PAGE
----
Connect with us
https://tickernews.co/wp-content/uploads/2023/10/AmEx-Thought-Leaders.jpg

Money

Tech jobs wreck – has reality finally set in?

Published

on

It’s been a shocking 18 months for the tech sector, battered by higher interest rates which have impacted the ability of tech firms to raise cash. Now their staff are feeling it.

The AFR reports that Canva’s office in Surry Hills has gained recognition as one of the top workplaces in Australia, attracting an impressive 300,000 job applications annually.

In the past decade, the technology sector has been viewed as a paradise for workers. Various publications awarded accolades such as “best place to work” to companies in the sector, highlighting perks like office rock-climbing walls and well-being grants for employees.

Competition for talent reached unprecedented levels, and startup leaders often expressed frustration about the difficulty of finding skilled engineers.

Are the good times coming to an end?

The market began to shift as interest rates rose and investors became more stringent, demanding profitability and withholding fresh capital.

Initially, small startups began downsizing their workforce, and some had to make further cuts.

Now, larger companies are adopting more subtle cost-cutting measures by implementing performance management systems to identify underperformers.

Goodbye to perks

The year 2023 has proven to be significantly worse for layoffs in the technology sector compared to the previous year.

Tech giants such as Amazon, Meta (parent company of Facebook), Microsoft, Google, IBM, SAP, Salesforce, and numerous smaller companies have announced substantial job cuts, surpassing the cuts made last year.

The underlying issue stems from the fact that Big Tech companies aggressively hired during the pandemic.

The surge in remote work and increased e-commerce prompted a technology buying spree. However, these companies are now facing declining revenues.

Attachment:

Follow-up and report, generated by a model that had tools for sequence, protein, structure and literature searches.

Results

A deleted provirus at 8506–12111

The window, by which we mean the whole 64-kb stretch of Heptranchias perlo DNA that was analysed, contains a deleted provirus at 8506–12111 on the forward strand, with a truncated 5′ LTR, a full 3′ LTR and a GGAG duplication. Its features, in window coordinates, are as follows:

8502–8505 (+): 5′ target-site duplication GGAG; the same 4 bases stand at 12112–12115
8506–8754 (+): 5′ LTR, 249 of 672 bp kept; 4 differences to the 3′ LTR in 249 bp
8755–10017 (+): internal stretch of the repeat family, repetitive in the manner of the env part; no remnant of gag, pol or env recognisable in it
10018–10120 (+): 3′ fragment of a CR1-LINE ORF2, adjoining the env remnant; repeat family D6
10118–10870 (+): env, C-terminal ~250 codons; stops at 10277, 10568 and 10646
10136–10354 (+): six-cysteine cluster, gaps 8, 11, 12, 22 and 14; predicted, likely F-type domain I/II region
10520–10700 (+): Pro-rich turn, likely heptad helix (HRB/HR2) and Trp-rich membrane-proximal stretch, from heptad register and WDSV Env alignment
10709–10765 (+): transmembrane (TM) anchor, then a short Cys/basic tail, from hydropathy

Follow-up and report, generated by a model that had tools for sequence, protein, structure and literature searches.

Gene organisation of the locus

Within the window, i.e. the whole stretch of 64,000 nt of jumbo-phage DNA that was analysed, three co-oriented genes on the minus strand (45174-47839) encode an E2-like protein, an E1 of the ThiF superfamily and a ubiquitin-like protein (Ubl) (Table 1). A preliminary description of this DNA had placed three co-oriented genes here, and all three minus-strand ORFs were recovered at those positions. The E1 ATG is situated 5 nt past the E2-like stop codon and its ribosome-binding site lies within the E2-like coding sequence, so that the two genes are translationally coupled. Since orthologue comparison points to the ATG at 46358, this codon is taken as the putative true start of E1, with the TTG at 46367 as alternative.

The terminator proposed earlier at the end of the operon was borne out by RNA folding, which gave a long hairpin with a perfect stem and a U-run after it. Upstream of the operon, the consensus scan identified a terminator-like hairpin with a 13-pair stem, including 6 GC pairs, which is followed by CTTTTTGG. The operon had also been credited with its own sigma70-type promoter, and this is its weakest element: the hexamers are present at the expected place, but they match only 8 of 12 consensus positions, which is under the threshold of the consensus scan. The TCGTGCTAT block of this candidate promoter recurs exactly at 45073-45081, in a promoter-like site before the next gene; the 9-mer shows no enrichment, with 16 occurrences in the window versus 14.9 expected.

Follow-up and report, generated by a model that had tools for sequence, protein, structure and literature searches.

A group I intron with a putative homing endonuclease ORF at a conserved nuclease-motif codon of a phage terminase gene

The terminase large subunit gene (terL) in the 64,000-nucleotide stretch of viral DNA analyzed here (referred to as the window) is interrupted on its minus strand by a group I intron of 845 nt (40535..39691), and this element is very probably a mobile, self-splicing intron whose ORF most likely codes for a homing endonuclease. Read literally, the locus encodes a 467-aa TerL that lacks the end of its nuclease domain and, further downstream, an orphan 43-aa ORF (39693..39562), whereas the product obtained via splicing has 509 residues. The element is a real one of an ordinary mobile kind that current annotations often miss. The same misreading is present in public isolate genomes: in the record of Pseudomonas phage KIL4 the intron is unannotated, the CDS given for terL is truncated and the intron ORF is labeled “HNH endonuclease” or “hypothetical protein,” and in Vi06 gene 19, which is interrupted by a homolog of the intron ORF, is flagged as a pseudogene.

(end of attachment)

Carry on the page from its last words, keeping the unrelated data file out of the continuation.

While global IT spending is projected to increase in 2023, with notable growth in enterprise software and IT services, the overall rise is expected to be modest.

Market research firm Gartner indicates that data center systems and communications services are predicted to grow by less than 1%, while hardware sales are anticipated to decline.

Moreover, ongoing supply chain challenges, inflation, and the Ukrainian conflict are exerting a substantial impact on both business and consumer spending. These factors have raised concerns of a potential recession.

Ranking downgrade

Previously, employees could rely on a 95% likelihood of receiving an “outstanding” or “great” rating. However, the chances of being rated above average have now increased, while the number of individuals identified as below average has doubled.

This decision caused discontent among certain Atlassian employees, leading them to express their concerns on the company noticeboards, claiming that it jeopardized the friendly culture. On the other hand, some employees celebrated this change, stating that the new system would prevent highly paid colleagues from leaving work early in the afternoon without putting in sufficient effort.

Continue Reading

Money

Why the meme-stock frenzy is unlikely to repeat

Published

on

GME shares surge 74%, but experts stress a meme-stock frenzy resurgence is unlikely due to fundamental differences in the company’s financial situation.

Australia’s budget unveils a second consecutive surplus of A$9.3 billion, prioritising the critical minerals industry and green energy initiatives to reduce reliance on Chinese supply.

Also, GameStop shares have surged 74%, but experts caution against expecting a repeat of the 2021 meme-stock frenzy. #featured #trending

Continue Reading

Money

Why are airlines after the Biden Administration?

Published

on

Major airlines are taking legal action against the Biden administration over a newly implemented rule requiring them to disclose fees upfront.

On this episode of Hot Shots – Major airlines are suing the Biden Administration, AI-piloted fighter jets, SpaceX faces funding challenges, and Apple receives crushing feedback.

Ticker’s Ahron Young & Veronica Dudo discuss. #featured #trending

Continue Reading

Money

The mounting pressure on Government spends

Published

on

Questions abound regarding the factors fueling this inflation surge in Australia and whether it correlates with the escalating government expenditures.

Concerns extend to how Chalmers navigates the mounting pressure amid discrepancies in spending allocations.

Moreover, as Australians grapple with the reality of rising living costs, the feasibility of cutting spending becomes a pressing issue. Additionally, amidst economic uncertainties, individuals seek guidance on managing stock market risks effectively. #Featured #Trending

Continue Reading

Trending Now